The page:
Album compilation by the Andalusian poet and songwriter Jose 'Carlos Cano' Fernández (1946-2000), the singer that with his voice and his sober guitar recovered and revitalized the popular ballad, the song of the people and especially set which has been called Andalusian song, which he claimed beyond the Spanish copla label. His repertoire was extended by many different styles (habanera, pasodoble, carnival murga, fado, cueca, tango, bolero, samba, etc..) Here are some of his best works published before 1995.
1997 recording from Montserrat Caballe featuring 16 duets with international stars such as Johnny Hallyday and Khadja Nin from France, Carlos Cano from Spain, Marco Masini from Italy, Gotthard from Switzerland, Rene Froger from Holland & others…
This recording follows on a successful reading by the same forces of Bernstein's Symphony No. 3 ("Kaddish") of 1963. You can see why they started with the later work first, although the 1965 revision of the Symphony No. 2 ("The Age of Anxiety") actually postdates the earlier-numbered work. All three works share a common theme, namely the crisis of faith, but the oratorio-like "Kaddish" Symphony has a dramatic quality that makes its concerns explicitly.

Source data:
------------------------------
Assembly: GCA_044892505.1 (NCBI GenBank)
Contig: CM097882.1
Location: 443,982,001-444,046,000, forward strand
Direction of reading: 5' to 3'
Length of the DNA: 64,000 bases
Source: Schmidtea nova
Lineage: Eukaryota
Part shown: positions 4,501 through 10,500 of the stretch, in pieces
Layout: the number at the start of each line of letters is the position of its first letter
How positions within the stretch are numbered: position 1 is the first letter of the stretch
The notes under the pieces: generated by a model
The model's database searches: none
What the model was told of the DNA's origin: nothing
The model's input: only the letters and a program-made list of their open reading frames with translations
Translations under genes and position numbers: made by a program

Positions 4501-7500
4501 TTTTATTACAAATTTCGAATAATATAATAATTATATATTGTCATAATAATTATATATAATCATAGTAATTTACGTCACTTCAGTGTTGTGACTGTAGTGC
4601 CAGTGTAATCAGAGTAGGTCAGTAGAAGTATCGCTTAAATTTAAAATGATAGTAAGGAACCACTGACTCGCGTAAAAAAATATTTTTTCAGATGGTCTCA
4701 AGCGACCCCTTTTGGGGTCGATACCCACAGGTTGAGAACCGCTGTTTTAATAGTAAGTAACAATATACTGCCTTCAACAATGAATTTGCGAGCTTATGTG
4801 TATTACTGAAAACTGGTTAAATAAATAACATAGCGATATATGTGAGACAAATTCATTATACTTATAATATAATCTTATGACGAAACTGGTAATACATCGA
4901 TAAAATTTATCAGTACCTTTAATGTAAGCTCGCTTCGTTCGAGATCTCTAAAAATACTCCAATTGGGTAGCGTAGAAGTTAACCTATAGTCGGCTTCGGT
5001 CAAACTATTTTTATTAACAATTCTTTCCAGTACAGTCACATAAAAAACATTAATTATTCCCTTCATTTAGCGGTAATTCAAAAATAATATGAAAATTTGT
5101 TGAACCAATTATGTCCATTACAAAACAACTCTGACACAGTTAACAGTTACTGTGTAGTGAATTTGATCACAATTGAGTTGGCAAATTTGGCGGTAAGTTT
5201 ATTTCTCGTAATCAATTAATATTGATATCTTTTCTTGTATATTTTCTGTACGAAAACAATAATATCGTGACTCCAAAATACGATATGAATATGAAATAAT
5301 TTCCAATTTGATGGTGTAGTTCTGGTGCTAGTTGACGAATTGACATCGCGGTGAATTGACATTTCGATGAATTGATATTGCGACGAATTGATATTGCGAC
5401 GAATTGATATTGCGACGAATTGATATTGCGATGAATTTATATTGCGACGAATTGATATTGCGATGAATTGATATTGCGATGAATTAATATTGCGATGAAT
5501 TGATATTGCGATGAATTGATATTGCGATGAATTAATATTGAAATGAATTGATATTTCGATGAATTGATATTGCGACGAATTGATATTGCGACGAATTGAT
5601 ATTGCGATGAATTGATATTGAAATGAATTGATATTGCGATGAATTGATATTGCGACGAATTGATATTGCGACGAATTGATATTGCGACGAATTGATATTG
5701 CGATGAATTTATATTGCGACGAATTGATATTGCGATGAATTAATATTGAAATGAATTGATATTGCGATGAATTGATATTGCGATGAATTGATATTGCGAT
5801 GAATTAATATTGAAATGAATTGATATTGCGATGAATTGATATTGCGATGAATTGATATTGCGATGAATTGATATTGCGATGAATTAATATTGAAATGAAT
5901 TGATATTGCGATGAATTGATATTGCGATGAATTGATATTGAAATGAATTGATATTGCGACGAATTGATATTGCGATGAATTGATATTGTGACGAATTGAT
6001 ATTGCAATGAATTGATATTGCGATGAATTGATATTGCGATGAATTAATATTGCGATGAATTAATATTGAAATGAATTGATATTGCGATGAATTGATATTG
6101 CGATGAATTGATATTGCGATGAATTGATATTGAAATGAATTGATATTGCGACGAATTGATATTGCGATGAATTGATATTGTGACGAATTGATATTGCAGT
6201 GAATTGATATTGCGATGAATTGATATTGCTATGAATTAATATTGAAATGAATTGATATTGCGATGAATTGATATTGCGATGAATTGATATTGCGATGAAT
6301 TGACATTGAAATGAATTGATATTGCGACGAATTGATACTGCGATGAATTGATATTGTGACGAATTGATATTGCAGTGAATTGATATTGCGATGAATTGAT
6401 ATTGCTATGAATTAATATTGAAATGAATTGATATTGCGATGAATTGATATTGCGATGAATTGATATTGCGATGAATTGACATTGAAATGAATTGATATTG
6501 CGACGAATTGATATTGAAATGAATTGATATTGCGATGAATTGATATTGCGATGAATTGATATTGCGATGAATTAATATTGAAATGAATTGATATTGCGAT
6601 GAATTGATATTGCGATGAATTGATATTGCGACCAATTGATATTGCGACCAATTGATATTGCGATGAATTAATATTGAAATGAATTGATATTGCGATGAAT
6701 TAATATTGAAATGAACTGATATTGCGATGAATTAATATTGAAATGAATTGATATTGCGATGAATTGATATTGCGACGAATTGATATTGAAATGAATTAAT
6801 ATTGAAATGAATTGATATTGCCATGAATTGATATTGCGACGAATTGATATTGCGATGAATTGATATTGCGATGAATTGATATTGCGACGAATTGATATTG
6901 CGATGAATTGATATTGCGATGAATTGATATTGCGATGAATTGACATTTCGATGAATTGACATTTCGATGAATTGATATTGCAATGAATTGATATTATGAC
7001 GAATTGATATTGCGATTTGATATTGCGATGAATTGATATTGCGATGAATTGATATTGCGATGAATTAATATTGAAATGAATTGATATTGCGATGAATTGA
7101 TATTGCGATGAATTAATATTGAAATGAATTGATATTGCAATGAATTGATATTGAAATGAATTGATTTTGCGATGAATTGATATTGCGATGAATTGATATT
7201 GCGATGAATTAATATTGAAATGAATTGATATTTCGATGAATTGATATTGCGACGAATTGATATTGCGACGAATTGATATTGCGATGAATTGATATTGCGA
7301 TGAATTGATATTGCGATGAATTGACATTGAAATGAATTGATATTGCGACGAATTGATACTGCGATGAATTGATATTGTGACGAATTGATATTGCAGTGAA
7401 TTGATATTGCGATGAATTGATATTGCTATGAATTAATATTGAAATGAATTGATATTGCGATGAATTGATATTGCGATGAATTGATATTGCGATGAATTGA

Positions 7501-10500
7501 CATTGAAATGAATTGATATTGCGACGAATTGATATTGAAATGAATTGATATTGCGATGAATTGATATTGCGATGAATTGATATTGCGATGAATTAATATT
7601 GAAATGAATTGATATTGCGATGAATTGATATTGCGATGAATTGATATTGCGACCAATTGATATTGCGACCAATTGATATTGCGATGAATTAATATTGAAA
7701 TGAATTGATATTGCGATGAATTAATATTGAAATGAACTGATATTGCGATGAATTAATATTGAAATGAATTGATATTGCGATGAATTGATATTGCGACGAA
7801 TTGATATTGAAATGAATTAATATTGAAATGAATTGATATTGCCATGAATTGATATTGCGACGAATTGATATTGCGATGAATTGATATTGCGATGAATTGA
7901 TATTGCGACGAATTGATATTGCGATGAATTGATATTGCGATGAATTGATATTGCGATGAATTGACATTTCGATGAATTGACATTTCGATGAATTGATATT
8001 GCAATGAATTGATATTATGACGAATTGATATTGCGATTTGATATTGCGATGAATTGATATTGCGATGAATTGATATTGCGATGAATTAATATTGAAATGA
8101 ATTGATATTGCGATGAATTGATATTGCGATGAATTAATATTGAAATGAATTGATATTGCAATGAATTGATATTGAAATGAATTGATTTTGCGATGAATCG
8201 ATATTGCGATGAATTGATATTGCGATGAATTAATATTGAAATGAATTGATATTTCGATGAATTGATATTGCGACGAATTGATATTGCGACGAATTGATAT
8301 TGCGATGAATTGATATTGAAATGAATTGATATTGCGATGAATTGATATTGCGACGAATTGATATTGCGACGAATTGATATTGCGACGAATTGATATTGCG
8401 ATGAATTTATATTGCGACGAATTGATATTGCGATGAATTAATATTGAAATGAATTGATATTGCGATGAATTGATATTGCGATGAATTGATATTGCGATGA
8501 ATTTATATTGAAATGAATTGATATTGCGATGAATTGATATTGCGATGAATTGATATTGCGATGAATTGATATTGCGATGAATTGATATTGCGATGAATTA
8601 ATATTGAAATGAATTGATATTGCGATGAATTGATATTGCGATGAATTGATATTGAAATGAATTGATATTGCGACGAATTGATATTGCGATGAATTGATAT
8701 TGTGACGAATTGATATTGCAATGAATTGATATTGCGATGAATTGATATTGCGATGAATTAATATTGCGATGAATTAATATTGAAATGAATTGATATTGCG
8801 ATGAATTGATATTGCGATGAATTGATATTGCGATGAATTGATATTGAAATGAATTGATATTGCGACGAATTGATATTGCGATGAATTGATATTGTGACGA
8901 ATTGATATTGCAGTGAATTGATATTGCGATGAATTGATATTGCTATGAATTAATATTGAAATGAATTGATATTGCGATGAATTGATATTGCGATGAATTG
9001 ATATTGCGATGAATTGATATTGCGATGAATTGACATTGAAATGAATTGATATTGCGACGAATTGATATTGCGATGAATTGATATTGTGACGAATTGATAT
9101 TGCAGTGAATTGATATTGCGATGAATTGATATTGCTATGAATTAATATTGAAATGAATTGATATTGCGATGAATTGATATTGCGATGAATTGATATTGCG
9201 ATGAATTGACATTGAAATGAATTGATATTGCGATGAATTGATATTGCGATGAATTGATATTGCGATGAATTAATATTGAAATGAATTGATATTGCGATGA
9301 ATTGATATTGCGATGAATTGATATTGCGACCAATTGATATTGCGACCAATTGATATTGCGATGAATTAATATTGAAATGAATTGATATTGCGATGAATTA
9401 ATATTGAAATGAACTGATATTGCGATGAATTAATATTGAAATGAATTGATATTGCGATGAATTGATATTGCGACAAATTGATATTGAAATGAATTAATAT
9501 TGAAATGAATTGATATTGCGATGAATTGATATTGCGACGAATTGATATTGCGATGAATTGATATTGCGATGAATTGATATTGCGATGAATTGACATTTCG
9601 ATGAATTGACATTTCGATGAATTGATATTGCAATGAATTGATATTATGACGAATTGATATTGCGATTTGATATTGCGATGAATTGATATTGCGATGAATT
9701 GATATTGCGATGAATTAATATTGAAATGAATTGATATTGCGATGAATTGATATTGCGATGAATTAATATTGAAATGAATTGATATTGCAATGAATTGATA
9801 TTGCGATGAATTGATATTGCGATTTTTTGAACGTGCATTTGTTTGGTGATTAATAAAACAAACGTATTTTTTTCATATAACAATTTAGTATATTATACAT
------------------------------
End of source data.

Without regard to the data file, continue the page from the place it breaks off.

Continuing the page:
Stunning stuff – and one of the best-ever Latin soul albums of all time! Despite the fact that Eddie Cano's earlier albums are more in a Latin easy mode, this late 60's side for Dunhill is totally smoking – and probably his greatest album ever! Forgive the superlatives, but we're totally serious on this one – as the set's a firey batch of Latin instrumentals, with a slammin' boogaloo groove all the way through – filled with mad percussion, jazzy piano riffs, and a non-stop groove that's totally great. The set was recorded live at PJ's nightclub, and it's a non-stop Latin Soul party that includes massive originals like "Slip Slip", "Brown & Blue", "Miro Como Es", and "Don't Ever Change" – plus smoking covers of "El Pito" and "Louie Louie". The set screams with excitement, and is as great as the album is rare!